Are we still not encrypting our data in a time when cyber-attacks have been happening to so many big names in the healthcare, retail and government? Recently, UCLA Health System’s computer network was broken into by hackers and may have accessed sensitive information on as many as 4.5 million patients. The information included names, dates of birth, Social Security numbers, Medicare and health plan identification numbers as well as some medical information such as patient diagnoses and procedures.

The intrusion is raising fresh questions about the ability of hospitals, health insurers and other medical providers to safeguard the vast troves of electronic medical records and other sensitive data they are stockpiling.

The reason why this is making even more news is that UCLA did not take the basic steps even after all the major breaches on the federal government as well as health insurance giant Anthem Inc., to encrypt patients’ data. This has drawn swift criticism from security experts and patient advocates. It is not a secret that the healthcare industry has been the target of many data breaches. However, the continuation of these breaches seems to continue, and the vulnerability of these systems has made it a field day for hackers to steal sensitive data.

Nowadays, it is not only business and patients not going to their hospital that they have to worry about, but now the government will investigate breaches of patient privacy and can levy significant fines for violations under the Health Insurance Portability and Accountability Act, also known as HIPAA.

However, compliance aside, the most important aspect is to ensure that this information is really protected. In a recent article, in HIT Leaders and News, the article mentions how “while compliance is still a major driver in healthcare, compliance does not equal security. Organizations that drive data security efforts based on compliance put their data at risk. Healthcare organizations need to take a more holistic and proactive approach in their data security strategy.”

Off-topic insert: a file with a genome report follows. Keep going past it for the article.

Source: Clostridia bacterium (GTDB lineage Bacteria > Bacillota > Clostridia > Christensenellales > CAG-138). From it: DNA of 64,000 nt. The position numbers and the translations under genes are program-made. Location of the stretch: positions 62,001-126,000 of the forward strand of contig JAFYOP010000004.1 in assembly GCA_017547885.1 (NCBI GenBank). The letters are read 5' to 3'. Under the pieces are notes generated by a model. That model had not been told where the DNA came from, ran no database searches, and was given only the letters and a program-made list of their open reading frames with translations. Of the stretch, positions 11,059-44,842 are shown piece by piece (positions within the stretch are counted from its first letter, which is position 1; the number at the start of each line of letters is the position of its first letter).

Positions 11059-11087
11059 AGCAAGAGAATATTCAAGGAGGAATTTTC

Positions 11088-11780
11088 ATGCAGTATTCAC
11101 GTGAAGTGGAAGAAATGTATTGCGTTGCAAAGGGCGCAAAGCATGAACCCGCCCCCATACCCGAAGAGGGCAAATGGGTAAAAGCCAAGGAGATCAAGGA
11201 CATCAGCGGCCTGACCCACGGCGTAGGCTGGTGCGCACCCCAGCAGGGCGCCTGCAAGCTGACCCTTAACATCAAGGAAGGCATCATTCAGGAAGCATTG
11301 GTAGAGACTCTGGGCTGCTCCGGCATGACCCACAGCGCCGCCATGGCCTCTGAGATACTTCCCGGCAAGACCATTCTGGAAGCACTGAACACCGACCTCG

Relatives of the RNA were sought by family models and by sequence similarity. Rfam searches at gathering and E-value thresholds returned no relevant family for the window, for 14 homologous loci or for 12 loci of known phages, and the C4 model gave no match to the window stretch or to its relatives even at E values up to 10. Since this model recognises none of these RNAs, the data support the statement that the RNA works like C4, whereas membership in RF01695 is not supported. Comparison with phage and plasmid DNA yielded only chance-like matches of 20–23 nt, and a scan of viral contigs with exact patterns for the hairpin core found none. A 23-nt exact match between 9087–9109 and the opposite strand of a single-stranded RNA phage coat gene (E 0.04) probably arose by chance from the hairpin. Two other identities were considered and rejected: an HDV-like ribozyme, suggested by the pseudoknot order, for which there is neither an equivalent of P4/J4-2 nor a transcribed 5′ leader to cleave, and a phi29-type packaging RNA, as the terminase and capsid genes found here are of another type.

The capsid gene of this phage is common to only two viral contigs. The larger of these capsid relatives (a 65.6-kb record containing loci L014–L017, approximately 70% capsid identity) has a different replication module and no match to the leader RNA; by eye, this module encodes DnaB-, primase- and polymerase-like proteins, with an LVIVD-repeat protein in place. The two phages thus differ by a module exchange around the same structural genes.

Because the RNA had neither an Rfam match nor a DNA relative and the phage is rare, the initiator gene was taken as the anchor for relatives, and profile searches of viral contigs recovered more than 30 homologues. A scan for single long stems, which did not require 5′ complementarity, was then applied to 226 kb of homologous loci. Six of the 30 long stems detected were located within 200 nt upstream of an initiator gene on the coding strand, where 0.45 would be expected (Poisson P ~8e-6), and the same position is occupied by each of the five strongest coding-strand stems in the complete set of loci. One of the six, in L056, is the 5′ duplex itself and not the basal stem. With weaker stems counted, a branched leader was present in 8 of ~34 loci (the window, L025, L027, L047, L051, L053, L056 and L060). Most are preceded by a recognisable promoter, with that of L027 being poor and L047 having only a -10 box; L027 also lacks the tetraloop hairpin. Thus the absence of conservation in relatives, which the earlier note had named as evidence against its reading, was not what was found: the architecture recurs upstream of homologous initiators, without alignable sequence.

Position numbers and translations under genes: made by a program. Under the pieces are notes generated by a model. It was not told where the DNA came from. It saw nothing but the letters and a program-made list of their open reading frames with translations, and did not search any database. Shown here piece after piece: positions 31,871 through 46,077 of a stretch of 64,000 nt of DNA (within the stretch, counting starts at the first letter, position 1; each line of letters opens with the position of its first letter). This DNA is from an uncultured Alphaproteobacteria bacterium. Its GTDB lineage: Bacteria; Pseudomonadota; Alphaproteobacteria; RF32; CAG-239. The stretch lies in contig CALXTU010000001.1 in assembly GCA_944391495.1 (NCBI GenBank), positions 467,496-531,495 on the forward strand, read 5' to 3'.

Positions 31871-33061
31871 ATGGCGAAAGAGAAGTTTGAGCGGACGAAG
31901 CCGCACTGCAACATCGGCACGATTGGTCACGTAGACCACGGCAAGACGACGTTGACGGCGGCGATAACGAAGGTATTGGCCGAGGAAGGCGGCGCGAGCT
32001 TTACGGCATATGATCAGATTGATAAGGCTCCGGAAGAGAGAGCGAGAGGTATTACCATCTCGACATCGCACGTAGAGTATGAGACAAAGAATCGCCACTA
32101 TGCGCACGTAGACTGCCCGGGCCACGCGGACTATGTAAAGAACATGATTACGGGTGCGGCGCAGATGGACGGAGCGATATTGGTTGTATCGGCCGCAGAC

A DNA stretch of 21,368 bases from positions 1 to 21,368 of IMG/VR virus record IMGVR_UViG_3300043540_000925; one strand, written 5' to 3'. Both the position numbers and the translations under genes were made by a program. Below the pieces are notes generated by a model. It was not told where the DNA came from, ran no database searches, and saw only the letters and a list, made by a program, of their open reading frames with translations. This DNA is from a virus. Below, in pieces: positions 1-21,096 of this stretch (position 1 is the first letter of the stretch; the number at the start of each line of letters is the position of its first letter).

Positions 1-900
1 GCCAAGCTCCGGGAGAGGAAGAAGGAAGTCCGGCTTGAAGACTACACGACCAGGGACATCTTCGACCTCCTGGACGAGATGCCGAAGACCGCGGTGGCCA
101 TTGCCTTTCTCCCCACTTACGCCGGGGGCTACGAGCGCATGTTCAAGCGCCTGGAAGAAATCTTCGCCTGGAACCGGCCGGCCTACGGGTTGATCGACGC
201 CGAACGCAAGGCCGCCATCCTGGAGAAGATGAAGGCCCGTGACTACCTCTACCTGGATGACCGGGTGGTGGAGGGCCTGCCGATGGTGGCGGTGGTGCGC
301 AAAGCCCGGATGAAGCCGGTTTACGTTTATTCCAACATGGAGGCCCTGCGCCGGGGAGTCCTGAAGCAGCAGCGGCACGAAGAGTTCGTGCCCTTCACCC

Also mentioned in this article is the fact the recent legislation in New Jersey has taken the step of mandating the use of encryption for PHI or Protected Health Information that “renders personal information unreadable, undecipherable or unusable by unauthorized persons.” Now this definitely means more than just having a password to your data, but it is pushing for you to have a more robust method to ensure that all aspects of the data are secure, no matter where it is.

Let us hope that such data breaches as this one have hopefully provided a lesson to other healthcare organizations and other organizations from different industries that they must implement security and encryption to “completely block the path to your most valuable assets.”

 

Photo credit by: jfcherry